Laser Spine Surgery

On March 1st, 2019, the Laser Spine Institute located in Florida and Arizona closed suddenly. Based out of Tampa, Florida, the center closed all of its doors with little warning to its employees or patients. Many patients paid out of pocket or spent large sums of money to travel to the Laser Spine Institute. The public attention towards laser spine surgery has been powered by internet marketing and since 2011, “Laser Spine Surgery” has led Google searches for spine-related terms.

The topic of Laser Spine Surgery is a controversial topic. I wrote a blog in 2015 addressing the increased questions I was receiving in regards to the center and their claims of smaller incisions and quicker recoveries.

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Simplistically, a laser is a tool to cut, burn or disintegrate tissue. In the spine, the laser is utilized via a handheld device or attached to the microscope. The claims made by these centers utilizing lasers include small incisions, less blood loss and less scarring; have simply not been proven.

A recent article in the Journal of the American Academy of Orthopedic Surgeons concluded that “NO clinical or preclinical data suggest a benefit and that there are some specific disadvantages to the use of lasers.”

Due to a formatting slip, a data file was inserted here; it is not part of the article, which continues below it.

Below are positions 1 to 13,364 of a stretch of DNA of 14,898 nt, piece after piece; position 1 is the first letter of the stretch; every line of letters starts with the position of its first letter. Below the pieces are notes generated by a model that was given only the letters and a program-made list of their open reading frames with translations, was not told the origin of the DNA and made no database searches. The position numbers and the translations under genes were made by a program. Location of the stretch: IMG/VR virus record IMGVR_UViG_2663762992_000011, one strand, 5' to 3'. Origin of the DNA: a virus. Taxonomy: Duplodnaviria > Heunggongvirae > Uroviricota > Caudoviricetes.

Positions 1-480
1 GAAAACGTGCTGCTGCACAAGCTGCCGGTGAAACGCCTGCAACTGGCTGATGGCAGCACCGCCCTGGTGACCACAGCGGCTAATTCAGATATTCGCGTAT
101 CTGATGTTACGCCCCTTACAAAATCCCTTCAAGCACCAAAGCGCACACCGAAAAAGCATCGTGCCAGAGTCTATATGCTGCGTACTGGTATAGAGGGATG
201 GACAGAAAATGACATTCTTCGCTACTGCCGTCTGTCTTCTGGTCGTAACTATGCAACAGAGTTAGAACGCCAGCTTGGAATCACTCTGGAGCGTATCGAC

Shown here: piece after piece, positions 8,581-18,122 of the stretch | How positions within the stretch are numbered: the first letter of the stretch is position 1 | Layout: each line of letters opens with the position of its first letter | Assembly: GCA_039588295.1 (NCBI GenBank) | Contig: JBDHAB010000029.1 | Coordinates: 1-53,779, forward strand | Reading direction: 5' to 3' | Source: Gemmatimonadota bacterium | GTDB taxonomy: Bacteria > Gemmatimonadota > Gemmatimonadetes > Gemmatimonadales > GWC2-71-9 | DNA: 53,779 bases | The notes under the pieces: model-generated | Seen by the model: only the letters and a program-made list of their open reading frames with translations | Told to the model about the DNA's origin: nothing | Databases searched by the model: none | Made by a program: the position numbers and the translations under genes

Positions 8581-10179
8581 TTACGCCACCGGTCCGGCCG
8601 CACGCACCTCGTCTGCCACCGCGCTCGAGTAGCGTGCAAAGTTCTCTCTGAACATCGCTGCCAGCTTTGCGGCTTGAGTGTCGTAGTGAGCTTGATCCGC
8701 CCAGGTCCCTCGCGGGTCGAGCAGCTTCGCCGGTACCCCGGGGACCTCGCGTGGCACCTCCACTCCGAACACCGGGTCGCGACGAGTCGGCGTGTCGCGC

Both the North American Spine Society and the Canadian Agency for Drugs and Technologies in Health recommend against laser spine surgery.

To date, there is limited high-quality research demonstrating the benefit of laser spine surgery.

Percutaneous discectomy techniques using a laser device have fallen out of favor secondary to limited evidence and safety issues. Potential safety concerns include heat injury to nerves, bone, cartilage and disc tissue. There is also a case report of a vascular injury to the vessels in front of the disc from a posterior procedure utilizing a laser.

Another procedure commonly utilizing a laser is percutaneous laser discectomy. In a study comparing Percutaneous Laser Discectomy vs traditional microdiscectomy, after 2 years of follow-up the traditional microdiscectomy group had quicker recovery and lower revision rate.

Sometimes, lasers can be used to assist a surgeon with traditional open activities such as facet joint medial branch rhizotomies, discectomies in interbody fusion and foramintomies; in nearly all of these instances no benefit is seen using the laser vs traditional techniques.

Laser Spine Surgery

For the patient undergoing the laser procedure, they had a 50% higher chance of requiring a second surgery.

Ultimately, the data in regards to lasers in spine surgery does not support the claims that this technique is better or safer than traditional spine surgery options.